Monday, December 29, 2014
Monday, December 22, 2014
Monday, December 15, 2014
Monday, December 8, 2014
Monday, December 1, 2014
[E]veryone knows that persuasive influences are better than any amount of moralizing. Neither Polly nor Will tried to do anything of the sort, and that was the charm of it. Nobody likes to be talked to, but nobody can resist the eloquence of unconscious preaching. With all his thoughtlessness, Tom was quick to see and feel these things, and was not spoilt enough yet to laugh at them. The sight of Will and Polly’s simple affection for one another reminded him of a neglected duty so pleasantly that he could not forget it. [Emphasis in original.]
Monday, November 24, 2014
Gentle doesn’t work for a critique group, either. At least not for one that wants to develop its members as writers. I attend the Highland Writers’ Group because I’m looking to improve my craft. If I just wanted to read my work or interact with other writers, I’d find a different forum.
That doesn’t mean we tear each other’s work apart. As my statement said, we do try to be nice. If we can’t give criticism constructively, we don’t give it at all. And we do ease people into the group. The feedback we give a new writer may be quite different from what we say to an established one. But if we can’t give constructive criticism, it isn’t a critique group.
I’m going to repeat a couple of points that I made in a March 4, 2013 post. Those of you who have heard this before will have to bear with me.
Experience has taught me two things about responding to writing critiques. First, if I want to improve my craft, I can't be sensitive. Second, if I want to improve my craft, I must be sensitive. The definition to avoid is "quick to take offense; touchy." The one to embrace is "responsive to external conditions or stimulation." (These two definitions of "sensitive" come from the fourth edition of The American Heritage Dictionary of the English Language.)
Monday, November 17, 2014
Monday, November 10, 2014
Monday, November 3, 2014
Monday, October 27, 2014
Drinking Starbucks’ Coffee
I drink a lot of coffee, although not usually from Starbucks. But my characters go there. That’s because it is a nationally-recognized name, and I like to use some recognizable brands to give my stories a sense of authenticity.
But I know writers who are scared of using brand names. They think it will violate copyright or trademark laws, or they don’t want to use the ® symbol because it can interrupt the flow of the story.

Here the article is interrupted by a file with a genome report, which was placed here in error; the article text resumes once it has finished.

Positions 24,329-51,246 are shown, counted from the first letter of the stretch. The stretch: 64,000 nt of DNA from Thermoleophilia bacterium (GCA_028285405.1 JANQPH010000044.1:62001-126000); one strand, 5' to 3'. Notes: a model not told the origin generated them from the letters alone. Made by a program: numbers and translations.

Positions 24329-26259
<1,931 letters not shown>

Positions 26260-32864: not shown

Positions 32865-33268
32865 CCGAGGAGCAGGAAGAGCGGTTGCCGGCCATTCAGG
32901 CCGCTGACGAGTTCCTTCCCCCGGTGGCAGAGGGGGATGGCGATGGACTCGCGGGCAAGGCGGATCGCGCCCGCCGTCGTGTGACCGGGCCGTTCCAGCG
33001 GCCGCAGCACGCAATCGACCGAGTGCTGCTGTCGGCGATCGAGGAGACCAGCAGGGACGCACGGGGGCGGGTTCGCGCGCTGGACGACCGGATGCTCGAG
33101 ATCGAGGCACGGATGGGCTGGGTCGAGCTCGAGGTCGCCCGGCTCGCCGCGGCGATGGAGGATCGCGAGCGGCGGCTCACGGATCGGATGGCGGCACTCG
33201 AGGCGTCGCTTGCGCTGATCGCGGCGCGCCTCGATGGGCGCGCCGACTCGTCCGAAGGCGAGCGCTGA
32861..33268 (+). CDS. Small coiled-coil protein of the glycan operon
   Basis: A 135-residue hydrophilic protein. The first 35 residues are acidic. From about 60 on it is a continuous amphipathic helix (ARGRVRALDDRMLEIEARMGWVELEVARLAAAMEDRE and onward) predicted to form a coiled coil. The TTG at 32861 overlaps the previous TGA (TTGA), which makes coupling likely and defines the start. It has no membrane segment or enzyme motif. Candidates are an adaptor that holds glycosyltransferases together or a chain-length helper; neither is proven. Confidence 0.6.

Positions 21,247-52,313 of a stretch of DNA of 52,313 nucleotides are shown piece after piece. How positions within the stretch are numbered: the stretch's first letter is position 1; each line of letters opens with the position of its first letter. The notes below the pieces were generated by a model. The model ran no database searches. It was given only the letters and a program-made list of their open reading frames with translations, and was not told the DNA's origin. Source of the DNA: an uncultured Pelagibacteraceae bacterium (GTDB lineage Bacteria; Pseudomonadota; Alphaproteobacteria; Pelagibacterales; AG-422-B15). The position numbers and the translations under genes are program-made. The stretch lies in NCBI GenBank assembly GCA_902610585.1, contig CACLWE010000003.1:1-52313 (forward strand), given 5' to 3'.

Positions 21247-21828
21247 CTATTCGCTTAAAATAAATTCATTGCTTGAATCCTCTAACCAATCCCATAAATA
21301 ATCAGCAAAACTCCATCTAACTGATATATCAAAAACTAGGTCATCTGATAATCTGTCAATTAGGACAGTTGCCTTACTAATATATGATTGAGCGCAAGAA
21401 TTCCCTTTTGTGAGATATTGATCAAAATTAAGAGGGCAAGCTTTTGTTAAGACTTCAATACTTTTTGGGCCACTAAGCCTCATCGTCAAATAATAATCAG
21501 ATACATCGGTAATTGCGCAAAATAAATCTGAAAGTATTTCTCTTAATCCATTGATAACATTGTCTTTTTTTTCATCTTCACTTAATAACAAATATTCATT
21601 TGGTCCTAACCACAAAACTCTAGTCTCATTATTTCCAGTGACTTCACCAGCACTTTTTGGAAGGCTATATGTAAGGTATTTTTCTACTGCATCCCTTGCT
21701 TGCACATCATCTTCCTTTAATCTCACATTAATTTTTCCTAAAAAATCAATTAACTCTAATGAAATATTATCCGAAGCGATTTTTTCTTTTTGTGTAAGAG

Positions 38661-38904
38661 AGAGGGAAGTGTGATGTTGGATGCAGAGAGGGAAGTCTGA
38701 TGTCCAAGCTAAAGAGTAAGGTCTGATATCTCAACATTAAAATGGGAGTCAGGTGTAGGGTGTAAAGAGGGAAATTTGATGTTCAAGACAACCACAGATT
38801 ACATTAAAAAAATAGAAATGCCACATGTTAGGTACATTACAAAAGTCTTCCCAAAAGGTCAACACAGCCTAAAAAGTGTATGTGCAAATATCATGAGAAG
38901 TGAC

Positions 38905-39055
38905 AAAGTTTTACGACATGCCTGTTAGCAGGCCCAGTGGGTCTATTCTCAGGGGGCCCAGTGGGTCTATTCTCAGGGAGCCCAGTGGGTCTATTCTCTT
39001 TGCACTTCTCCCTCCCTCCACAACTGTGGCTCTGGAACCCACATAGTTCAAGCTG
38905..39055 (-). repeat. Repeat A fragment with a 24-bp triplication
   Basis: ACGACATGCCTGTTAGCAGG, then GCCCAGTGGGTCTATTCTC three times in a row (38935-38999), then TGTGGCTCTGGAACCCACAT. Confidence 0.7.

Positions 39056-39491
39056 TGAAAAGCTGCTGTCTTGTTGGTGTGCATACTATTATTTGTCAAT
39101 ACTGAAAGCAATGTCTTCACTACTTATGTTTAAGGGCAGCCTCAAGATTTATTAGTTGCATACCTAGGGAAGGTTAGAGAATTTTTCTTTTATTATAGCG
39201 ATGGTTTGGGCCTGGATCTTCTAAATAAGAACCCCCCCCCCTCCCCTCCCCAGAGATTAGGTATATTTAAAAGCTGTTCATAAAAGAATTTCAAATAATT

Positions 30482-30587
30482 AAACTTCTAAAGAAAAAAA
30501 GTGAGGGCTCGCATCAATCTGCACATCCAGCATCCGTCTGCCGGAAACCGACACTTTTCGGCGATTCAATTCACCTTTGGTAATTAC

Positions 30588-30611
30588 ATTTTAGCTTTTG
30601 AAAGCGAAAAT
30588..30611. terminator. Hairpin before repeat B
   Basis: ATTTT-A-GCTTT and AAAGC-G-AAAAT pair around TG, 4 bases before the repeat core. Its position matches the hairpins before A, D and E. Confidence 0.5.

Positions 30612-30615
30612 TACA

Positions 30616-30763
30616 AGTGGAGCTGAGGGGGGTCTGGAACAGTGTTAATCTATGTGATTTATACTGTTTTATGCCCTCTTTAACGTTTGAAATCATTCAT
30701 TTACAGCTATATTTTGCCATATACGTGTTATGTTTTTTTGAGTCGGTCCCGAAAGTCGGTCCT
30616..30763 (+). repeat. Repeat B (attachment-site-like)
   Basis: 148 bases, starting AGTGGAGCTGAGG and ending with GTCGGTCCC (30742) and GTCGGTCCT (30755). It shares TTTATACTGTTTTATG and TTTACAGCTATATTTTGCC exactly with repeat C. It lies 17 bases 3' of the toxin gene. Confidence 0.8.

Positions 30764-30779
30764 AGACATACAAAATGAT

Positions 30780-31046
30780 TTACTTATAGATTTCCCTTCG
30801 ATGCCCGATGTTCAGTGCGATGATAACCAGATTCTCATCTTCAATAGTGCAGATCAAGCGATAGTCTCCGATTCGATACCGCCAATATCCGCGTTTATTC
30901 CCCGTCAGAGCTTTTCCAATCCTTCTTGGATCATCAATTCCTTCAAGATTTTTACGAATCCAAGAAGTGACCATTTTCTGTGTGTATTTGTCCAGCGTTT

I don’t worry about any of that.
You can’t copyright names, so copyright law doesn’t apply. You can trademark names, and Starbucks is a registered trademark. However, trademarks have a specific, limited purpose, so the protection the owner gets is much narrower than with copyrights.
Trademarks protect against consumer confusion over the source of a product or service. Consumers use recognizable names and symbols to tell them that they are getting a certain quality or a product with particular characteristics. When you see the Nike swoosh on a pair of shoes, you expect them to last for a while. When a counterfeiter prints the swoosh on shoddy-quality shoes, people are mislead. That harms both the consumer (who is not getting what he or she expected) and Nike (who could lose sales to the counterfeiter and suffer harm to its reputation when the shoes fall apart).
Your characters can drink 7-Up without worrying about trademark infringement. No one is going to go out and buy counterfeit 7-Up based on your novel, nor will readers assume that the makers of 7-Up are connected with your book. You don’t have to call it lemon-lime soda.
A brand name can lose its trademark protection if consumers use it generically for any brand of the same type of product. After people started referring to all tissues as kleenex and to photocopies made on any brand photocopier as xeroxes, the owners of those trademarks spent a lot of money educating consumers on the proper use of the terms. That’s why brand owners would like you to use the ® symbol. But you aren’t required to. If you want to help trademark owners protect their property and you think “the real thing” will add authenticity, just capitalize Coke.
So let your characters drink Starbucks’ coffee if they want to. Or 7-Up. Or Coke. (There seems to be a lot of drinking in this post. Maybe I should send my characters to the bathroom more often.)
Monday, October 20, 2014
Monday, October 13, 2014
Monday, October 6, 2014
I recently attended a conference where one of the speakers repeatedly used the terms “freelance” and “work for hire” as if they meant the same thing. I kept my mouth shut then, but I stewed about it all the way home. So in order to make me feel better, I’m going to tell you the difference.
Monday, September 29, 2014
Monday, September 22, 2014
Monday, September 15, 2014